Peace With Syria Must Include Compensation for Jewish Refugees

by Gedalyah Reback

Any peace agreement between Israel and Syria needs to consider compensation for Syrian Jews who lost their property upon leaving the country since the founding of the State of Israel.. Laws restricting Jewish emigration forced refugees to flee the country and abandon their property. Even in 1992, when Syria finally granted visas to the remainder embattled community, emigrants had to surrender their estates. Today, 75,000 Syrian Jews live in Israel, and many thousand of former refugees have come to extant Syrian Jewish communities in the United States and Latin America.
Since Israel’s creation, over 1.5 million Jews have come from Muslim countries, most under circumstances of duress. They were burdened with pogroms in Syria, Iraq, Yemen and Egypt, among others. Reactions against the war with Israel spilled over into anti-Jewish rage. To speak of only the Jews of Syria, the communities of Aleppo and Damascus are among those that had to abandon their property in order to emigrate.
Sephardi and Mizrahi Jewish activists have pushed their cause for years. Last year, the Orthodox Sephardic party in Israel, Shas, made part of its platform the pursuit of compensation of Sephardic Jews and the initiation of an effort to take an accounting of Jewish property lost. The Israeli Parliament has been pushing forward a bill to make compensation a goal of any peace negotiations with the Arab League.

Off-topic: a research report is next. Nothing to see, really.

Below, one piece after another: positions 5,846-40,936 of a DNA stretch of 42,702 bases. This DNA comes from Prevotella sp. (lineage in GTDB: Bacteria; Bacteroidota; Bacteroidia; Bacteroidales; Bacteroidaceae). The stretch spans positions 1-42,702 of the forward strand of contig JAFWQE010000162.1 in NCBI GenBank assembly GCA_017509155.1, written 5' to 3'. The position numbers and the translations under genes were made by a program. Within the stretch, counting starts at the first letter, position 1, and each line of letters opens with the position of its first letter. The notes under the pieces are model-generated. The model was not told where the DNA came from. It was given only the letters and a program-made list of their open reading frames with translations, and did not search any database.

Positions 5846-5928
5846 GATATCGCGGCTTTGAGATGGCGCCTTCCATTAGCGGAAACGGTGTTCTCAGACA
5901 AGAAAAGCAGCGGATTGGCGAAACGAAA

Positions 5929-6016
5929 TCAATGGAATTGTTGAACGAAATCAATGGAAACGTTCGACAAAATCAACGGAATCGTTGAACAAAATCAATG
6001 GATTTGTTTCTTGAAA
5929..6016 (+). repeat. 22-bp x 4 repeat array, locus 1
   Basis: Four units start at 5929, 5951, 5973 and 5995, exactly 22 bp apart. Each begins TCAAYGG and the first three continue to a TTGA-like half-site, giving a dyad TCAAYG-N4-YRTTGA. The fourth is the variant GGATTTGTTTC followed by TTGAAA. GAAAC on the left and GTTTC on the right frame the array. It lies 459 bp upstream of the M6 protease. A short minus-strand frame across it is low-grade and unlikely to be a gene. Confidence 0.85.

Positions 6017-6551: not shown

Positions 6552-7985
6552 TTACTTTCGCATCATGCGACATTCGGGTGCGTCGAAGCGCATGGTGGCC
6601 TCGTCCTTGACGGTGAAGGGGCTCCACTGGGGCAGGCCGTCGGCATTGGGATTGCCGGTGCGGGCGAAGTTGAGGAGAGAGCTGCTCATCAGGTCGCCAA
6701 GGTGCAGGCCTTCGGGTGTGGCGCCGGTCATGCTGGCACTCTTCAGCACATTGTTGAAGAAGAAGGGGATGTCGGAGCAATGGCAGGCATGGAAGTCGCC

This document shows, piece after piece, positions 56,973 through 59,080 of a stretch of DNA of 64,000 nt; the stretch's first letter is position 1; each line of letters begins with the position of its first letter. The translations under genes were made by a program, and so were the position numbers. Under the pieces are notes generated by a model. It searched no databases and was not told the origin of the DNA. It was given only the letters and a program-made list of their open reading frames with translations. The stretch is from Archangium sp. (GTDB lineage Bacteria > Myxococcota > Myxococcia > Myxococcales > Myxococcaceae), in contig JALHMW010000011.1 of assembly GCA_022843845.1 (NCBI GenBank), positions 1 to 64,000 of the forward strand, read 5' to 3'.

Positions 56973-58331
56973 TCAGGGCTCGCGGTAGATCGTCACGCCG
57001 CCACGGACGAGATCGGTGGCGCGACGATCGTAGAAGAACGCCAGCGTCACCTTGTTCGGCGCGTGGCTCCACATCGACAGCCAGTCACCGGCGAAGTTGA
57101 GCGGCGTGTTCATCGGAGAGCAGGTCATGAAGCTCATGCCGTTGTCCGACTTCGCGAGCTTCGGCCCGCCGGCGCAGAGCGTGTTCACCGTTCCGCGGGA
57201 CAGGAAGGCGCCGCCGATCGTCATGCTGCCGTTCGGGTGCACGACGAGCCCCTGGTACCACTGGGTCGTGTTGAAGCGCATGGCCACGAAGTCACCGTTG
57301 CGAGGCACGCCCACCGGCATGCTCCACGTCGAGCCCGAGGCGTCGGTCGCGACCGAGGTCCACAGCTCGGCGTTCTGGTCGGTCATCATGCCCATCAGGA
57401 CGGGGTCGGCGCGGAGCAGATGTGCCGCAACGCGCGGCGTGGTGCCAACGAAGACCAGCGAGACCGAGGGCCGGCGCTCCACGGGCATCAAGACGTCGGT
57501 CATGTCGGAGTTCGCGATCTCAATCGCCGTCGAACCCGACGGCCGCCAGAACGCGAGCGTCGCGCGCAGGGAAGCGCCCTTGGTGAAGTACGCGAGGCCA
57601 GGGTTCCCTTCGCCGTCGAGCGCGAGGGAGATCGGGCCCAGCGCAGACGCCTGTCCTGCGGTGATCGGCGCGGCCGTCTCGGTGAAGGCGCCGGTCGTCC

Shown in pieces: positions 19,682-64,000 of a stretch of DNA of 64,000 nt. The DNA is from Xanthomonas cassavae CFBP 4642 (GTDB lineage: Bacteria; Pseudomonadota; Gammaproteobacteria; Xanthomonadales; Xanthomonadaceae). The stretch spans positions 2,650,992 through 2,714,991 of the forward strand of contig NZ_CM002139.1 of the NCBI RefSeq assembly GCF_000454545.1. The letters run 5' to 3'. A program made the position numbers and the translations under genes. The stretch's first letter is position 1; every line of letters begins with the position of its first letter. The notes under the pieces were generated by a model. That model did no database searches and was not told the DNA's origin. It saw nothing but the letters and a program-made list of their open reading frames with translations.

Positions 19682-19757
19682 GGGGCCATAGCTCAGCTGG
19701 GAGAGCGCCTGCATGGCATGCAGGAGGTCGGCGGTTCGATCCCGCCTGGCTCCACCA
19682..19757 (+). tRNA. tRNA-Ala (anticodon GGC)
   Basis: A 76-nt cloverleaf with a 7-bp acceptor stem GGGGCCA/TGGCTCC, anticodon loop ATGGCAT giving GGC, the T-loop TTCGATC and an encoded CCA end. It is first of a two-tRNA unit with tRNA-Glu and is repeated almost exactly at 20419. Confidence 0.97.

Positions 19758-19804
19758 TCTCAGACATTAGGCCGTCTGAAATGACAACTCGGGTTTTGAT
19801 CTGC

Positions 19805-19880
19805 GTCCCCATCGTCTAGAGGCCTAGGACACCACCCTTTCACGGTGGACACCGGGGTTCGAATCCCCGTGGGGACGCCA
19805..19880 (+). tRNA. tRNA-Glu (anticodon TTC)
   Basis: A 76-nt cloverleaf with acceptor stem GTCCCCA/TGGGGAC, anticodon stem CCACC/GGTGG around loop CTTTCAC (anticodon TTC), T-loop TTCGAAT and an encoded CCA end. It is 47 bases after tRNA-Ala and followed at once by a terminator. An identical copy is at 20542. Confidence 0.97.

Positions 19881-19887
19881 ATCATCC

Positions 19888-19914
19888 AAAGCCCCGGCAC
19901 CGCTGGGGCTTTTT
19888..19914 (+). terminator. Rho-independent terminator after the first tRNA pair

The State of Israel does not merely represent the interests of Israelis, but Jews the world over. Mounting military operations to protect and evacuate Jews is one of the recognized duties of the Israeli Defense Forces, such as the massive military operation that evacuated 14,000 Ethiopian Jews during Operation Solomon in 1991. It would be totally within the purview of the Israeli government to demand compensation for Syrian Jews now living in Israel who lost property, but even those living in the United States or Latin America.
Compensation could be restoration of the property itself, and the invitation of former Syrian Jews to reopen businesses and invest in Syria. True peace goes beyond merely not shooting at each other. The few hundred Jews currently living in Syria do not have political rights, however limited they are in that country. Those laws have to be repealed. Anything less than Jewish freedom within Syrian territory would not be worth the peace.

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